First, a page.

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Vandals caught destroying highways signs should face prosecution with multiple charges
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Dear Editor,
I read the article in The Great Bend Tribune: “A dangerous target --Vandalism to rural road signs a serious problem” (Dec 4). The article noted where Dale Phillips, Barton County Road and Bridge Director, showed the Barton County Commissioners an example of the near virtual destruction of a rural “stop sign” which was riddled with gunshot holes.
It was jaw-dropping to learn that, so far this year, 150 road signs had to be replaced due to vandalism in Barton County. The culprits may think that it’s fun--but it’s serious and costly...not just the cost of a replacement-sign, but also the manpower and wages to install another sign which again might be a target for future tampering or destruction. Taxpayers have to foot-the-bill. Even if the vandals are from another area. Everybody suffers because of such senseless, evil acts. As noted in the article: A vandal can be held responsible for an accident which occurs at the site where a road-sign was destroyed.    
I agree with Mr. Phillips who said in the article that it’s good to get the word out and “make people more aware”. I like his sentiments, but I feel that this problem can be resolved by additionally implementing two other things:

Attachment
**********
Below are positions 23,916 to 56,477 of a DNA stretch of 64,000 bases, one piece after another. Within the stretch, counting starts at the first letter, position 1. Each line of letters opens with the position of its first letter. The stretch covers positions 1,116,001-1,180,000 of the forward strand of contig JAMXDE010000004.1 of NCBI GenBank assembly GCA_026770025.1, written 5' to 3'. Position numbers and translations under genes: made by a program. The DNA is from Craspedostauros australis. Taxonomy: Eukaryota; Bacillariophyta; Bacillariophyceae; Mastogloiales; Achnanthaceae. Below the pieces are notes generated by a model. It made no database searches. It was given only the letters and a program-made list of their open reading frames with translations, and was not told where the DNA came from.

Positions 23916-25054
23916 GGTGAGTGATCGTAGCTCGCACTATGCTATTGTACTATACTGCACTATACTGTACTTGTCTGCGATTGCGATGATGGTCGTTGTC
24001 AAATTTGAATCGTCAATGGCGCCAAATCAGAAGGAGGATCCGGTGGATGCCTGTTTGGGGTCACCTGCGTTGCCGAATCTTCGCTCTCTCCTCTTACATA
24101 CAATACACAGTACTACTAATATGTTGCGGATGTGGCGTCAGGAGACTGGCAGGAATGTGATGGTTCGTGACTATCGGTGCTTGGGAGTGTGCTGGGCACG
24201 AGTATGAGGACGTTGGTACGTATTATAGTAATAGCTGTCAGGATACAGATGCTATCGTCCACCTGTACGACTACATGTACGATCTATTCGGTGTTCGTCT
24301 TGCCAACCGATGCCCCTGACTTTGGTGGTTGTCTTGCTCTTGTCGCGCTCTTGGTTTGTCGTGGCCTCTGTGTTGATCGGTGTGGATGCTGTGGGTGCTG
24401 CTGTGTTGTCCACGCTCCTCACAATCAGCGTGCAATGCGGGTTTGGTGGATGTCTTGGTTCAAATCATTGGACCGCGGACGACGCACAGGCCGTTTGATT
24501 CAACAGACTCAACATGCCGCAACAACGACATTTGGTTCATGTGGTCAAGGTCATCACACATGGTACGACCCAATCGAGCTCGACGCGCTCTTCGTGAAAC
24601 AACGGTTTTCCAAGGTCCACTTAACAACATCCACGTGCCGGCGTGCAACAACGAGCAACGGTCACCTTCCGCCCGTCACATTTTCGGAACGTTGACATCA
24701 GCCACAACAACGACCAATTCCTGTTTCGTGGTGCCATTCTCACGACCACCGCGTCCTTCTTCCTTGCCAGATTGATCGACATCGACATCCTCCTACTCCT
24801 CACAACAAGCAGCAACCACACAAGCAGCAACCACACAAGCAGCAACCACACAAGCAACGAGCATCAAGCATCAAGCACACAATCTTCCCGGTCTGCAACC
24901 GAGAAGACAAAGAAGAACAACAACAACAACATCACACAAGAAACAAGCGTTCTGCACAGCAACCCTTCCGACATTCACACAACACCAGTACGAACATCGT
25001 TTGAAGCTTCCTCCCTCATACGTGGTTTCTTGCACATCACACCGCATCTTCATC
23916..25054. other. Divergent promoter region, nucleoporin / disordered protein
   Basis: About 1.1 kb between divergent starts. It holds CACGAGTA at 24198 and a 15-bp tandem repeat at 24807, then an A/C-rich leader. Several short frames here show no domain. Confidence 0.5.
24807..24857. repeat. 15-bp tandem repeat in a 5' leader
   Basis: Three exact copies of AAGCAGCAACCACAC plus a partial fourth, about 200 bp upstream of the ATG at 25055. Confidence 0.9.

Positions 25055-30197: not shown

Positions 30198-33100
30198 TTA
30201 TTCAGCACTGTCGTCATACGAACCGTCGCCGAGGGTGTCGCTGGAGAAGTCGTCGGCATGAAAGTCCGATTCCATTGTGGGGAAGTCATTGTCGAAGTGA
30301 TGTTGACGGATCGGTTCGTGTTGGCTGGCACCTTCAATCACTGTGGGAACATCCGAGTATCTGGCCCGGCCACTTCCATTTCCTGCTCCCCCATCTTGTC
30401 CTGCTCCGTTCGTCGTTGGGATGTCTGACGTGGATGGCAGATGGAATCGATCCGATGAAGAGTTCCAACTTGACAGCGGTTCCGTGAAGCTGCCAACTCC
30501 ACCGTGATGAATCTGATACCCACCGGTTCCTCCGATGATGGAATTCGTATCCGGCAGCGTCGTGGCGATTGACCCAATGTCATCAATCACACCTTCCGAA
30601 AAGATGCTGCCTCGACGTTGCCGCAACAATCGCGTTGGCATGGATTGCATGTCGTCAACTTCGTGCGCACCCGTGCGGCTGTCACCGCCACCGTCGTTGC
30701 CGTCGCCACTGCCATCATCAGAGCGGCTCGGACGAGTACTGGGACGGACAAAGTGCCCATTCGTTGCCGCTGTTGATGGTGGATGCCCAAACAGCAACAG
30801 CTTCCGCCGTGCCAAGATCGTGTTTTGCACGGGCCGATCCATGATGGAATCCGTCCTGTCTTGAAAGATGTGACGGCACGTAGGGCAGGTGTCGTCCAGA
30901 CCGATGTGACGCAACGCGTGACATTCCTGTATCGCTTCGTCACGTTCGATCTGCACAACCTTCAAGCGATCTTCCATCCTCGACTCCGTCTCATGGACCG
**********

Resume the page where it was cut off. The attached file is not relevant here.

Remedy A: Aggressive legal prosecution of those who are caught defacing or vandalizing city or county signs....entailing multiple-charges of damages to property; aggravated vandalism (if a gun was used); and endangering public safety.   
Remedy B: A crime-stoppers program of “rewards” leading to the arrest and conviction of the culprit(s) involved. That would be an incentive to keep all people vigilant. Even the culprit(s) wouldn’t be sure if a supposed “buddy” might report them.
If both of those remedies were implemented it would “put some real teeth in the law” and possibly deter that awful trend of vandalism. As noted, rural roads can be treacherous enough, even with good road-signs, but anyone who tampers with road-signs is guilty of endangering public safety and should face so many criminal-counts that it should reach felony-status. The culprits need to read a different sign themselves, saying: “Intentionally putting people’s lives in jeopardy by sign-vandalism is a CRIME you may go to prison for”.
Impulsive or stupid criminals need a taste of teir own medicine----new public policy needs to be clear and adapt a slogan common to an old song lyric: “Vandal: Here’s YOUR SIGN” (of warning).
James A. Marples,